Thursday, 1 November 2012

Comet brought down by supply chain

If you are one of the 7,000 employees of Comet, the high-street electrical retailer, you could understandably not share the euphoria or even care that the UK has allegedly come out of recession. You may also feel that managing the economy is nothing more than rhetoric -  real-life makes you wonder what happens to you when Comet goes into administration next Thursday.

Just as alien will be the language of SRM, upstream management, and trade credit insurance but they are what is really behind the predicament.

As we have been discussing all too often in this blog, cash flow and the absence of credit are throttling businesses - Comet is just the latest high profile casualty. The banking crisis now has a different meaning!  Yet at the same time suppliers are considering the risk of whether their customers are a good credit risk.

This is another twist of the Lotus discussion, but this time the problem appears to be Comet's difficulty in obtaining trade credit insurance.  Trade credit insurance would provide protection to suppliers in the event of Comet's failure.  Ironically the risk of failure is increased as a result of a lack of suppliers confidence - it's a vicious circle.  This is calling for new procurement skills and strategies; the need to reassure the supply market that the buying organisation is a good risk.

Yet at the same time how much of a suppliers lack of confidence is coloured by a lack of buyer humility and benevolence having been shown to the supplier when performance was not as well as expected.  To a certain extent 'the ball is now on the other foot'.  But there's also a systemic risk - how can buyers convince their Accounts Payable of the need to accelerate payment.  Could this be the time for pCards to step in with the card issuers effectively providing the trade credit insurance? Could/should the government intervene?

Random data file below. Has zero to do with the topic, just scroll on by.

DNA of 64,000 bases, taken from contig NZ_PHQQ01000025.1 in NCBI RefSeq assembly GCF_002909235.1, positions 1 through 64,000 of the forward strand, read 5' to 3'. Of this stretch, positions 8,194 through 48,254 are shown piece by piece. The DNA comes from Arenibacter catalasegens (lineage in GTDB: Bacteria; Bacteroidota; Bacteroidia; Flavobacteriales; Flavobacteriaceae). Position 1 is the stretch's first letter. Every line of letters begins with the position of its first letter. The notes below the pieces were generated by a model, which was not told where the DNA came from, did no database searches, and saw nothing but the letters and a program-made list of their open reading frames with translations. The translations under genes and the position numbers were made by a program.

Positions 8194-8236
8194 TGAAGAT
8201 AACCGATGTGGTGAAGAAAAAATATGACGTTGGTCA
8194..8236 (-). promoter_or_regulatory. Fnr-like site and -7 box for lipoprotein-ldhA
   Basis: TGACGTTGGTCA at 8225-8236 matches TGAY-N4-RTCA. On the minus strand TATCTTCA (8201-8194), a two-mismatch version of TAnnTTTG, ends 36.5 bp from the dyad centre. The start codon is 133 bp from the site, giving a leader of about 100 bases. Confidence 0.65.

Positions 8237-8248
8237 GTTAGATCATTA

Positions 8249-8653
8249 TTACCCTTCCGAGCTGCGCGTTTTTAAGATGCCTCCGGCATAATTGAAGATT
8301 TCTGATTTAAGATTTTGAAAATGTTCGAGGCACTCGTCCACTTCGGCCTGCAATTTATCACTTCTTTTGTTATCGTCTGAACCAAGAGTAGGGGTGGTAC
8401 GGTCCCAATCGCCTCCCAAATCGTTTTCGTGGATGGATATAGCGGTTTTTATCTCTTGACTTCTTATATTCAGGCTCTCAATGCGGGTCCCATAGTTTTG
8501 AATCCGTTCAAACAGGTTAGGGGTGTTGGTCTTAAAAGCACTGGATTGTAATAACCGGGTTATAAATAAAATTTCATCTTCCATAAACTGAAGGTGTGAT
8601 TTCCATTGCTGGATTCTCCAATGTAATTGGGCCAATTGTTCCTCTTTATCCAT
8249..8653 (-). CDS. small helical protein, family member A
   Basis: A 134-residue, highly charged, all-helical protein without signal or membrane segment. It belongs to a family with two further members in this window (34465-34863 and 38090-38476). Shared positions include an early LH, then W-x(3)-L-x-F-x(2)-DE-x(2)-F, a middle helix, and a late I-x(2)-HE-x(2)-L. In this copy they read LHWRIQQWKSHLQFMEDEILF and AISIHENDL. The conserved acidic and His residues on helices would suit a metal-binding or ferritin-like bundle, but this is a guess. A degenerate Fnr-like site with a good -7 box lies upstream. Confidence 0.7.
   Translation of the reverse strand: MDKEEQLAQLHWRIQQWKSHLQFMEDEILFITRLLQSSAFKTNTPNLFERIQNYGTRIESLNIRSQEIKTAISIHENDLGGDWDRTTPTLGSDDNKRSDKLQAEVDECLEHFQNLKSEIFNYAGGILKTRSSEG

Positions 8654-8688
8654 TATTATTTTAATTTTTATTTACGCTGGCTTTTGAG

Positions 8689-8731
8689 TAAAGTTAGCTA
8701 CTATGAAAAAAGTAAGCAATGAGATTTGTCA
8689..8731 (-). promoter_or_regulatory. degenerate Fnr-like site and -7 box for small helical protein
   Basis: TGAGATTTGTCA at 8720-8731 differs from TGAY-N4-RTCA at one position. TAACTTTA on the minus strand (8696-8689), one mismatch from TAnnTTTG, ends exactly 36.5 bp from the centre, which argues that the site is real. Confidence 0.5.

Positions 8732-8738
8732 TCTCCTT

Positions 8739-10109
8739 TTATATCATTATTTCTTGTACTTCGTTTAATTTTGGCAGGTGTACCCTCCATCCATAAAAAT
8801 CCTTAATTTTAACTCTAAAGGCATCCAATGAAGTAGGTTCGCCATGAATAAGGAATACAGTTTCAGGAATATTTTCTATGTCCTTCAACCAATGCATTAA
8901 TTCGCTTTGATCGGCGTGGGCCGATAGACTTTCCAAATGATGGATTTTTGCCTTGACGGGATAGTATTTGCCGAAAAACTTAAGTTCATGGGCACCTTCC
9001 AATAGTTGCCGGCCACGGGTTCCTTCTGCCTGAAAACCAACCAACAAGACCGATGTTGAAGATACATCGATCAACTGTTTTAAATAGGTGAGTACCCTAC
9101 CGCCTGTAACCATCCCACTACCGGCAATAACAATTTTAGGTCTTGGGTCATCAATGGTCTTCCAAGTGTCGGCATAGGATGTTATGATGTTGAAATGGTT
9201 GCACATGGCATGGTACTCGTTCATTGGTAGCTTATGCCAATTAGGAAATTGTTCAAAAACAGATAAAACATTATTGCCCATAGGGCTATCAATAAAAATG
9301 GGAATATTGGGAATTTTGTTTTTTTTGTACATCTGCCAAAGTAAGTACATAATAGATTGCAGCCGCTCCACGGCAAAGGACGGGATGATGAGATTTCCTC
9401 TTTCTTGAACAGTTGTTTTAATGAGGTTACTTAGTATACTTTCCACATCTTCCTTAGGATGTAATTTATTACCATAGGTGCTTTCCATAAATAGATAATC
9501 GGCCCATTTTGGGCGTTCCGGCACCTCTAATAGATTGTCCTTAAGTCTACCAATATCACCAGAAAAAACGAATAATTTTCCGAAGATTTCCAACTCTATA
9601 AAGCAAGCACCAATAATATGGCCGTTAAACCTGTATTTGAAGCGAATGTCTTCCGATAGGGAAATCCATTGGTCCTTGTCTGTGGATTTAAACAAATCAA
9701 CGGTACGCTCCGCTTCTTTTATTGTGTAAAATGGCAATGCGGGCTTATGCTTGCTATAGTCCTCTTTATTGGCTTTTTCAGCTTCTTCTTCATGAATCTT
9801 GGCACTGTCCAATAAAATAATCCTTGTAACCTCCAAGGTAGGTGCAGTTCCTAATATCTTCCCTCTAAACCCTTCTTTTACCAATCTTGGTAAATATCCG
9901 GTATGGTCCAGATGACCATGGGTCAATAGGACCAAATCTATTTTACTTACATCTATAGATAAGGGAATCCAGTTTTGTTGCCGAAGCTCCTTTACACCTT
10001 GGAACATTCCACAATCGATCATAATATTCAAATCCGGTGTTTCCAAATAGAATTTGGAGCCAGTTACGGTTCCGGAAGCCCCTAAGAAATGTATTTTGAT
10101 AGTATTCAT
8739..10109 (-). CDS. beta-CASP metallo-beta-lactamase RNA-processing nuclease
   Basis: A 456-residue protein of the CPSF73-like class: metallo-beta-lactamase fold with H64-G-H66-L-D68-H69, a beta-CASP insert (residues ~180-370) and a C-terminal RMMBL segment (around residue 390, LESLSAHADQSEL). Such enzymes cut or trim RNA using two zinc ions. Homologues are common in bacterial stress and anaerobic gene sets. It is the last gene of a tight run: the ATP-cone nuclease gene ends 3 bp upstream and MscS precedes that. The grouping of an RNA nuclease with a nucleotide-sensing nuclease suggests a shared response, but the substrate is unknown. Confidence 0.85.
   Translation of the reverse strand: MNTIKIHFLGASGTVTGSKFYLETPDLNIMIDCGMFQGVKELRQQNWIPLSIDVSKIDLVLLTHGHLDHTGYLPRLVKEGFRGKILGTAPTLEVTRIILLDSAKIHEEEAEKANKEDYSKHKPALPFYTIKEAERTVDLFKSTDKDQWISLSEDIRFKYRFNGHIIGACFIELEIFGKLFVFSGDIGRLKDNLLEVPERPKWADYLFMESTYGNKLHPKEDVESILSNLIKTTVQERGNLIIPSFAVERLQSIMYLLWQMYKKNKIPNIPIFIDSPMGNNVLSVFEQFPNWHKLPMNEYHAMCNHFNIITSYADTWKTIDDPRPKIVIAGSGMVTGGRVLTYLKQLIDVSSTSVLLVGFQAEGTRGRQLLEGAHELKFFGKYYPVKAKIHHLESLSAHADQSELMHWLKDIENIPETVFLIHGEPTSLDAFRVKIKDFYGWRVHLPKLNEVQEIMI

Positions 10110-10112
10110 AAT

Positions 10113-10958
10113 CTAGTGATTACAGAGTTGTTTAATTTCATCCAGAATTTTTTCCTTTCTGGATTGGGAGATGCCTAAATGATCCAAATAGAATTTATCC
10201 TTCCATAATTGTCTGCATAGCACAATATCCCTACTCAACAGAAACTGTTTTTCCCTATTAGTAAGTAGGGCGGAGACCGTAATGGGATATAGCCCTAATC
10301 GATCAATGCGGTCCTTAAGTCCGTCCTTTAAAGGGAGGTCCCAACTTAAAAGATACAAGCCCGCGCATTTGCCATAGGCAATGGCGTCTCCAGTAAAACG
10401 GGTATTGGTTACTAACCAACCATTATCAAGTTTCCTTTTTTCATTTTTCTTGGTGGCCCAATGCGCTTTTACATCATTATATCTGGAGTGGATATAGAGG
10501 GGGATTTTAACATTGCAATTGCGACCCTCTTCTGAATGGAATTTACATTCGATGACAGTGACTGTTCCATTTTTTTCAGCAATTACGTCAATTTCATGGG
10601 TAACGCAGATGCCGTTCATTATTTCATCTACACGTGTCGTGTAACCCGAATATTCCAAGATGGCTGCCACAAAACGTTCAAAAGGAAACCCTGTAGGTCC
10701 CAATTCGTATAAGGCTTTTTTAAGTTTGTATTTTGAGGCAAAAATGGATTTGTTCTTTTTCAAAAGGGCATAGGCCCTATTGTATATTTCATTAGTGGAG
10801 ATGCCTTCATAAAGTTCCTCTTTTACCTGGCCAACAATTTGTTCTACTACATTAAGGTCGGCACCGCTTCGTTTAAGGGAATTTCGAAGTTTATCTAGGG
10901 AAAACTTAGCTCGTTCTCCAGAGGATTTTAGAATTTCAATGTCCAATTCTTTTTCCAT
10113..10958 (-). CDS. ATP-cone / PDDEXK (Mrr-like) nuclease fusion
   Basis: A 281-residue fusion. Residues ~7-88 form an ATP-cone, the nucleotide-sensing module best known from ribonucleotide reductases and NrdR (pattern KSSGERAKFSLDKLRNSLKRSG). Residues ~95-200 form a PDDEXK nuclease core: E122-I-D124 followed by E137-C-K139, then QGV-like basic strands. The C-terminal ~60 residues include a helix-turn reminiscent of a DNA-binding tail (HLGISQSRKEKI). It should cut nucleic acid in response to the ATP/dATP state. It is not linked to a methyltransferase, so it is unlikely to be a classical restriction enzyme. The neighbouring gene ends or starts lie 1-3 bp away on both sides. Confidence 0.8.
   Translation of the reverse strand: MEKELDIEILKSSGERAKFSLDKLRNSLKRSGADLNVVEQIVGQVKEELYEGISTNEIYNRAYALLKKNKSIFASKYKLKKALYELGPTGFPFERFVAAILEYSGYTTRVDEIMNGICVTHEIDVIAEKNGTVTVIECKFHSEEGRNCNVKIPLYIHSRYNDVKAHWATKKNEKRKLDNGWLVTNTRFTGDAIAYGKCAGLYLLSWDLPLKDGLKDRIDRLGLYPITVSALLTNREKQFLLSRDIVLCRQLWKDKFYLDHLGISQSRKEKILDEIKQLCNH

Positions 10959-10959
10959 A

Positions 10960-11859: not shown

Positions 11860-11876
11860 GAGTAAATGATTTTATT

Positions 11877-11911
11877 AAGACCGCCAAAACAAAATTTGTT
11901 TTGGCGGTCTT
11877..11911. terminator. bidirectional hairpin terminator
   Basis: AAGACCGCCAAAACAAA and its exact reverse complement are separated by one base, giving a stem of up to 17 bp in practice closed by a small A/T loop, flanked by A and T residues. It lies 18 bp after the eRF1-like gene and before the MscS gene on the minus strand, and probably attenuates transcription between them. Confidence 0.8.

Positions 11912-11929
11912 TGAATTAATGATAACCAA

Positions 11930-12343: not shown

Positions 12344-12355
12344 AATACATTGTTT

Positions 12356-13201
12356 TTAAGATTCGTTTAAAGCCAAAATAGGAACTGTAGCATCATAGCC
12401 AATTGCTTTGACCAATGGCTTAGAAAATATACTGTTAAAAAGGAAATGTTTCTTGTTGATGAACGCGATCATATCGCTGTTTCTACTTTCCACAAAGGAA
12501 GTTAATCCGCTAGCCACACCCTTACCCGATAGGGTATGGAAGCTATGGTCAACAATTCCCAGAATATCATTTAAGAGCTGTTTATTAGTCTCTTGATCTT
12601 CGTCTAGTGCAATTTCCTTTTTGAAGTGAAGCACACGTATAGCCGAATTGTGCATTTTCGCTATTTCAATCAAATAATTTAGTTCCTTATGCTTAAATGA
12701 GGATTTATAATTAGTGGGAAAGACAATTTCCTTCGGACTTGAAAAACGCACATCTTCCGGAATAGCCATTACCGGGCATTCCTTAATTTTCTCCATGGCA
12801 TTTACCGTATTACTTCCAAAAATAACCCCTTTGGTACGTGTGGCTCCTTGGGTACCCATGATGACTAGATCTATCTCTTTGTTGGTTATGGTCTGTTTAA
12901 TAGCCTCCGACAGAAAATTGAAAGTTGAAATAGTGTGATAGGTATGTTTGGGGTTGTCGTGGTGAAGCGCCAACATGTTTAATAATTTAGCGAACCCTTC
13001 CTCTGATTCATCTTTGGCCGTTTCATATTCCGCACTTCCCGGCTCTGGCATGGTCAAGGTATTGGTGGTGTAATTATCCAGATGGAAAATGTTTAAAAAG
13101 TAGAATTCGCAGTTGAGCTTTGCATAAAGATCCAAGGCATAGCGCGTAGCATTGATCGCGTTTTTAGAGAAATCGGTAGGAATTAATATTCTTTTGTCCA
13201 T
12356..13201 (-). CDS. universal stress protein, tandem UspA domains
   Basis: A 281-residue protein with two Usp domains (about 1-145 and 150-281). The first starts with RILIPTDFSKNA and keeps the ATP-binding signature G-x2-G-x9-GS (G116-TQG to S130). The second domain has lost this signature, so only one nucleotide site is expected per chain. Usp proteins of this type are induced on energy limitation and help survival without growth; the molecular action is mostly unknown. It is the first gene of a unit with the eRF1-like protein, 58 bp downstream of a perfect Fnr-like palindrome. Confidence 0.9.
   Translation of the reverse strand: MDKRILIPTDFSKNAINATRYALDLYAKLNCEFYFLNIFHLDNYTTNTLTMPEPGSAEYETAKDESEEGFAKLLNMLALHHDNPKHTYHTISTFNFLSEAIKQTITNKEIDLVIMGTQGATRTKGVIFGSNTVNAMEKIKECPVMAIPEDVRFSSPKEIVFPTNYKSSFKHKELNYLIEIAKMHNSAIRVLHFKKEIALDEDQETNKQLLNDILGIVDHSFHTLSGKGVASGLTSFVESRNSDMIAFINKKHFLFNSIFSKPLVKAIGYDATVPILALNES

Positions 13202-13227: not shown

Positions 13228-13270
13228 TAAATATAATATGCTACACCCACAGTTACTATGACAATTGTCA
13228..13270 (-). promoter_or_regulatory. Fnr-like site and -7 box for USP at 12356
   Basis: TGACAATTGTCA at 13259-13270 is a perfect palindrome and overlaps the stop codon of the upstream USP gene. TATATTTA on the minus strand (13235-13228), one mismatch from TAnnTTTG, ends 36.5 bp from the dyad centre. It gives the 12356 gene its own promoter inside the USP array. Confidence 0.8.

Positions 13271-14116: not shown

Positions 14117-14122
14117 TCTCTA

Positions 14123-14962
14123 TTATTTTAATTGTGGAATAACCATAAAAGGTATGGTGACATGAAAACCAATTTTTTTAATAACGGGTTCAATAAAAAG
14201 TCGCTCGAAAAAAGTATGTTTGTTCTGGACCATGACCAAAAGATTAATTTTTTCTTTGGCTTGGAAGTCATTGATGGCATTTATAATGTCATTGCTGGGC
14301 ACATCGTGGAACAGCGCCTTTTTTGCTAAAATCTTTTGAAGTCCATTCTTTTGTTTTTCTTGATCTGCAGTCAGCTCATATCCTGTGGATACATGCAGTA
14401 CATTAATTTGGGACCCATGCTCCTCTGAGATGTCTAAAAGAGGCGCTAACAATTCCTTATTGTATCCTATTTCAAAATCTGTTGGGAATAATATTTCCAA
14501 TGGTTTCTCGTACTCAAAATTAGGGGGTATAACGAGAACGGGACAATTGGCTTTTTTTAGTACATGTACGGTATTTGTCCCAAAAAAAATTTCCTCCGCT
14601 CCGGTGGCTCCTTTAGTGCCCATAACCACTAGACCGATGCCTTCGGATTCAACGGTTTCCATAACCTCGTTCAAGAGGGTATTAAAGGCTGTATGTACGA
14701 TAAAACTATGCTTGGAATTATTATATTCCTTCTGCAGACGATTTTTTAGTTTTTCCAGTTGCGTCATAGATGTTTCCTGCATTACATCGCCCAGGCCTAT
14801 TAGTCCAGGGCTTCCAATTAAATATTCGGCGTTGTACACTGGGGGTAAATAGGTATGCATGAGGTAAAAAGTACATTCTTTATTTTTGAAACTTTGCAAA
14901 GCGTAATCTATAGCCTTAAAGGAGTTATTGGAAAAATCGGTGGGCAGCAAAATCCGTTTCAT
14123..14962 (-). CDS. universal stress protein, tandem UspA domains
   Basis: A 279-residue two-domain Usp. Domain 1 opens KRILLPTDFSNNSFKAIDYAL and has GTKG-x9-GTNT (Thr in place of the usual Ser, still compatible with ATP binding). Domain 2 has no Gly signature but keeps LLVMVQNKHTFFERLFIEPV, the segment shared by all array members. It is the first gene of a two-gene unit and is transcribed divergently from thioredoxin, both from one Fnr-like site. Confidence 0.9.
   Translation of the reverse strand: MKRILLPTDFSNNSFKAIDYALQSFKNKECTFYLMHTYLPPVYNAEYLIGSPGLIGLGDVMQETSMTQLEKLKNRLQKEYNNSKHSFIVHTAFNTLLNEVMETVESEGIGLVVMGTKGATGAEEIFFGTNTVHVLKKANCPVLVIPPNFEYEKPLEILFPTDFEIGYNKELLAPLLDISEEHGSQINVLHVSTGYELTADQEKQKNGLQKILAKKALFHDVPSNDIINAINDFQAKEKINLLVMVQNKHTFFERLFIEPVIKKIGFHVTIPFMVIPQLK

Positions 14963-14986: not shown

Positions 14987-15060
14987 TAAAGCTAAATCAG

I recently discussed Supply Chain Financing although that was from the perspective of the buyer supporting the supplier. This is different with suppliers potentially holding buyers to ransom - will they take the risk?  Will suppliers seek to renegotiate prices and terms in return?  It is clear that the aftershocks of the financial crisis are like an electrical current with shocks going up and down the supply chain but increasing in magnitude, velocity and frequency.

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